ALEC FARMER WRITES – How does one explore the complexities of modern China? The answer for many would be to look at trends and statistics. Numbers quantify the largest country in the world from the macro. However, it is easy to forget that these figures represent the real lives of the country’s citizens. Behind every statistic are lives filled with a vast array of experiences. So, is there another way to tell the story of modern China? Specifically, is there a way to discuss modern China that focuses on the personal experiences of those within the country?
Liang Hong argues in her novel China in One Village: The Story of One Town and the Changing World (2021) that the issues of the modern world are best understood by listening to those who are experiencing them. Liang Hong has studied Chinese literature and written several sociological studies of contemporary China. However, China in One Village is seen by many to be her most influential nonfiction piece. Translator Emily Goedde captures the intimate feeling of the original book while giving English language readers the ability to visualize daily life in a rural Chinese community, one subjected to rapid change.
“New houses are more and more common in the village, yet one by one, without exception, their locks have grown rusty.”
This nonfiction book follows Hong as she returns to her home province of Henan. While back in rural China, Hong interviews and speaks with family, friends, and community members to investigate the issues of contemporary China. Each vignette that the book presents feels highly personal. For example, one journal entry from a migrant worker reads, “I am at a loss, uneasy. It’s as if I live in a vacuum, cut off from the rest of society. On the street, people come and go. All complete strangers to themselves. In this city, I am nothing more than an ant.” While there are several stories told by migrant workers in China throughout the book, each of their voices and experiences are different from one another. These varied perspectives are what make this telling of modern China so impactful for many readers. When combined in the format of powerful literature, these life stories feel as if they are in conversation with one another. They deepen the echo of ruthless modernization.
Hong does bring up how “They’re depressing, these old village stories that repeat over and over again.” No matter how repetitive the themes of these stories may be, the many perspectives make these topics feel fleshed out and allow readers to come to a deeper understanding for what life may be like in rural China. Everyone that Hong interviews has a distinctive perspective, which humanizes these large and complex issues. What were once fragmented statistics, now represents the lived experiences of real people in rural China. Humanization is the true power of this book. While some readers may not want to open themselves up to these difficult stories, an understanding that comes from empathy can often be invaluable.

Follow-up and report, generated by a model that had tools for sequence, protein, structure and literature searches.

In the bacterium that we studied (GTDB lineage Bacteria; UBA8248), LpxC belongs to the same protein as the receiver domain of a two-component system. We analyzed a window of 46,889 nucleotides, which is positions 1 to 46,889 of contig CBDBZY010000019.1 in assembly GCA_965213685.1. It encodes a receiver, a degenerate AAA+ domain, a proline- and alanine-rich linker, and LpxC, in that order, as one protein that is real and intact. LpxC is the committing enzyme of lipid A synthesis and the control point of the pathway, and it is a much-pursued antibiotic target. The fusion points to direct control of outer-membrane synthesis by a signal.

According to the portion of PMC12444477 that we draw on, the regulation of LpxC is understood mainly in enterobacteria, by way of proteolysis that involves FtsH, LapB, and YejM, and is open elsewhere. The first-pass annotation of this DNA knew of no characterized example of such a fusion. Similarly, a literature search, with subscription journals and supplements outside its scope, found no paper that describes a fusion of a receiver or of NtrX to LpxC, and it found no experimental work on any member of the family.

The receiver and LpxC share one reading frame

However, Hong does not have these stories exist independently, choosing to give context for the issues discussed. Each chapter of the book focuses on a new problem or theme. Stories that deal with changing ecology are all grouped, as are narratives that deal with China’s rural youth. This structure and Hong’s poetic voice tie together a series of free-flowing stories into an understandable study on China’s changing socioeconomic climate.
While this book is a sociological study, it also reads like an attempt by Hong to understand what has happened to the home where she spent most of her life. Much of Hong’s narration gives readers background knowledge for each interview. However, despite being the quantitative section of the book, Hong’s prose often reads more like a touching tribute to the people and places she once called home. One narration about China’s changing environment states,
“Rivers are the lifelines of a country’s ecology; the guarantee of a nation’s future. Yet, over the past ten years, we have brought them to an early end. We live among riverbeds that are dried up and foul smelling, terrifying and dark. If this doesn’t change, catastrophe is nigh.”
There are many reasons that China in One Town became so popular upon its release. One of the most compelling is that, for its time, the way in which Liang Hong went about describing contemporary China was revolutionary. Rather than giving her readers quantitative data with sparse interviews, China in One Town chooses to tell China’s modern history through those living it. As a result, this book acts as a window into the beating heart of rural China. The stories of those in Henan providence speak to China’s dangerous and fast movement from rural to urban life. However, more importantly, the experiences of these individuals act as an indicator for where China may be heading in the not-too-distant future.
New AMI book reviewer, Alec Farmer, recently graduated from LMU with a degree in Film and TV Production and a minor in Asian and Pacific Studies. He has studied contemporary Asian literature and cinema.